November 17, 2014 - 3:22 PM
WAITING ON THE WEATHER TO CHANGE
THOMPSON-OKANAGAN - It is mid-November and yes, that is smoke in the air.
Unlike the summer when large wildfires in northern B.C. caused air quality advisories the smoke visible throughout the region is due to open burning.
“There are hundreds of burn registrations issued,” Kayla Pepper of B.C. Wildfire says, adding regulations still need to be followed.
Those regulations include checking with the Ministry of Environment to make sure venting indexes allow for open burning. As of Monday, they do not.
“If you’re burning right now, you’re going against the regulations,” Ralph Adams with the ministry says. “Looking at the venting indexes, there should be no burning.”
The long term forecast shows a system starting to come our way later in the week, but Adams says it is too far out to know for sure when and if it will be enough to clear out the smoke.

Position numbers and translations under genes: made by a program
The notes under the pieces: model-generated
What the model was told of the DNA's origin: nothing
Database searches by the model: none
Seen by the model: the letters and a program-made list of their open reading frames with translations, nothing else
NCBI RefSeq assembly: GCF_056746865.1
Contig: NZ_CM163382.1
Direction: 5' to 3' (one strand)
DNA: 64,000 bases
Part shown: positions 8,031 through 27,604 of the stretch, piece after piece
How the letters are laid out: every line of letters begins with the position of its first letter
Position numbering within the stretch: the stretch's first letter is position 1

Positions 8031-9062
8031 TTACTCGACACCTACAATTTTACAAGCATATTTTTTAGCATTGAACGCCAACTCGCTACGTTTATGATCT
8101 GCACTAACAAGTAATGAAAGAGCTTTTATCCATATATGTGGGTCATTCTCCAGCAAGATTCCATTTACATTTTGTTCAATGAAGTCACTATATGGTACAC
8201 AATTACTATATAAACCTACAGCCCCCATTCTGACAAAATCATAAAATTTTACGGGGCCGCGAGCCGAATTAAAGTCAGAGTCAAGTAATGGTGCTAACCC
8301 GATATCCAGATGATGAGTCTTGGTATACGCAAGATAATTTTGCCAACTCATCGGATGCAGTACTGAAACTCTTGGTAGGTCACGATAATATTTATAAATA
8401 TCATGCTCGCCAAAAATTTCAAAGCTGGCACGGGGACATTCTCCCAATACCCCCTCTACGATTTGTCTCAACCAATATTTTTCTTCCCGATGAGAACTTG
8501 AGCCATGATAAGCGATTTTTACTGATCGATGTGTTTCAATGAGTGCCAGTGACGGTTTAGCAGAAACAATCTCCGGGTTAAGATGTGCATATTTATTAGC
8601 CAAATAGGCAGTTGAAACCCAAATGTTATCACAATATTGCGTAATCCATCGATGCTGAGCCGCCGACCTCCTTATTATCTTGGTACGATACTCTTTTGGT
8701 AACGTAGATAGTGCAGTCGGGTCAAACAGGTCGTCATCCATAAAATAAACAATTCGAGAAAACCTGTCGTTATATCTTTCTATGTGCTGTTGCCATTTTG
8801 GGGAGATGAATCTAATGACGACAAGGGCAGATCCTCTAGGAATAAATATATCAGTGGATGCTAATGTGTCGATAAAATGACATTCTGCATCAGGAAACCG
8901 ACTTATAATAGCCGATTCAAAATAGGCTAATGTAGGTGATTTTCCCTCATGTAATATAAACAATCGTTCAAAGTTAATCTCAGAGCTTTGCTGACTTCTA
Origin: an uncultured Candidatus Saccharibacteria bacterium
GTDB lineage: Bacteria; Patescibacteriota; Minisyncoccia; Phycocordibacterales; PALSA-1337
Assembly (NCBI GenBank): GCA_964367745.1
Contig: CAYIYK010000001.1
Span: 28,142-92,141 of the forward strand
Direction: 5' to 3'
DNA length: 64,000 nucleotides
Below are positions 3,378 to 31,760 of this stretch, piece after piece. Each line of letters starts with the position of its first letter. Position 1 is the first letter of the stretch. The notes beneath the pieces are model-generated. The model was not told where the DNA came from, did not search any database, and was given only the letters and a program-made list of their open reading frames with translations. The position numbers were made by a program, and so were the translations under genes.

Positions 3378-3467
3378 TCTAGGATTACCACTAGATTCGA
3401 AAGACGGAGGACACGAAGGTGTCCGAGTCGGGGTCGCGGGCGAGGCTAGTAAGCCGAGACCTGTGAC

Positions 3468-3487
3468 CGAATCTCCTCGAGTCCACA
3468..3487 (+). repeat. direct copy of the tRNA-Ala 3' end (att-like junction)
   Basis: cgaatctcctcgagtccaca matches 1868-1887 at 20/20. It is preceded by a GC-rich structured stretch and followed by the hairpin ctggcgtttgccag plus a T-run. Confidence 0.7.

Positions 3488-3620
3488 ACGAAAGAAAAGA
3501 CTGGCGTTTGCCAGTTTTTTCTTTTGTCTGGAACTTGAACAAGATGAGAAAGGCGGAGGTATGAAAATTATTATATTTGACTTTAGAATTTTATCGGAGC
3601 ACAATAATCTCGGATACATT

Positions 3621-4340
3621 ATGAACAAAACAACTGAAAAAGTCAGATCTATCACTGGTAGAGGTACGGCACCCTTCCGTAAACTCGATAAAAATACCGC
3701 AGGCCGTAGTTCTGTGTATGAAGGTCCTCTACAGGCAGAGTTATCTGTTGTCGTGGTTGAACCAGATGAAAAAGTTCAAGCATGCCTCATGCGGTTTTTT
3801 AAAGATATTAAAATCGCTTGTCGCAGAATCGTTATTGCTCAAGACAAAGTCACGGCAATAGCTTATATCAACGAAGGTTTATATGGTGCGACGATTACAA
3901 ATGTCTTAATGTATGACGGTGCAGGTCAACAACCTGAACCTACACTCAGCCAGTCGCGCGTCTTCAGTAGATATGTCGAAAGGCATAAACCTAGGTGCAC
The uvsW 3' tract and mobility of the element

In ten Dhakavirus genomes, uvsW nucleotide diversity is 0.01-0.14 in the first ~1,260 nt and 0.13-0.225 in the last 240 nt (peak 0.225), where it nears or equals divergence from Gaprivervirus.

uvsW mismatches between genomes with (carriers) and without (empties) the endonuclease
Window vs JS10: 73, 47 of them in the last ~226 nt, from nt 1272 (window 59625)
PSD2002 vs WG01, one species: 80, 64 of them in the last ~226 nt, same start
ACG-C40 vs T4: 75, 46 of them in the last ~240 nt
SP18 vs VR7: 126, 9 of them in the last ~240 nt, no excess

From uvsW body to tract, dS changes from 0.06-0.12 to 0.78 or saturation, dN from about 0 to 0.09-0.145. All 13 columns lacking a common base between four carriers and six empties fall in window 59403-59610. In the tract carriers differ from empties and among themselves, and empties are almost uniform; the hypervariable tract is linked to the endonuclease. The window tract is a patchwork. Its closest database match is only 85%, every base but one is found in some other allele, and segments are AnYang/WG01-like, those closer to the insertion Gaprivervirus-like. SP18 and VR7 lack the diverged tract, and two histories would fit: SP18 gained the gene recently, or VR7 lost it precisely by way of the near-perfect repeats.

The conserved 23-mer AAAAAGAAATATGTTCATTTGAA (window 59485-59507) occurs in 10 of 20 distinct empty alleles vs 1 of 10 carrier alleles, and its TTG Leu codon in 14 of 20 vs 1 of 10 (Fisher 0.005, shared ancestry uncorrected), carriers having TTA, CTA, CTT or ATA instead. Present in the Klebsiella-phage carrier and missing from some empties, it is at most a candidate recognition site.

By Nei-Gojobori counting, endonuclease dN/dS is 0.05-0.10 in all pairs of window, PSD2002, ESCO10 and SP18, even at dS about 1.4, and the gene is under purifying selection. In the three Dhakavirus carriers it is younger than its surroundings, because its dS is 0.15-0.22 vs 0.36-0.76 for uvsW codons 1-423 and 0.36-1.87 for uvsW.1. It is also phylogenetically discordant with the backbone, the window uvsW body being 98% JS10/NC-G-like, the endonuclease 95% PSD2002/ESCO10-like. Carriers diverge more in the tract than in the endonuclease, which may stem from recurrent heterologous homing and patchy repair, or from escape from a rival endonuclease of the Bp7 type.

“The only way these events end is if we get wind and atmospheric mixing to clear out the valley,” he says. “We need a change of weather.”
The sudden ‘slightly abnormal’ increase in air quality readings on Friday had Adams wondering about the potential of a nearby fire, but Pepper says B.C. Wildfire is not conducting any burns and there are no wildfires in the area. Any smoke is simply from open burning.
While an air quality advisory has not been issued for the Okanagan Adams does say the levels of particulate matter in Vernon and Kelowna are ‘close’ to levels that would see the ministry issue an advisory.
He notes advisories are very localized and only issued for areas where air quality reading equipment is set up, usually in larger centres.
Persons with chronic underlying medical conditions should postpone strenuous exercise until the advisory is lifted. Staying indoors and in air conditioned spaces helps to reduce fine particulate exposure. Exposure is particularly a concern for infants, the elderly and those who have diabetes, and lung or heart disease.
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News from © InfoTel News Ltd, 2014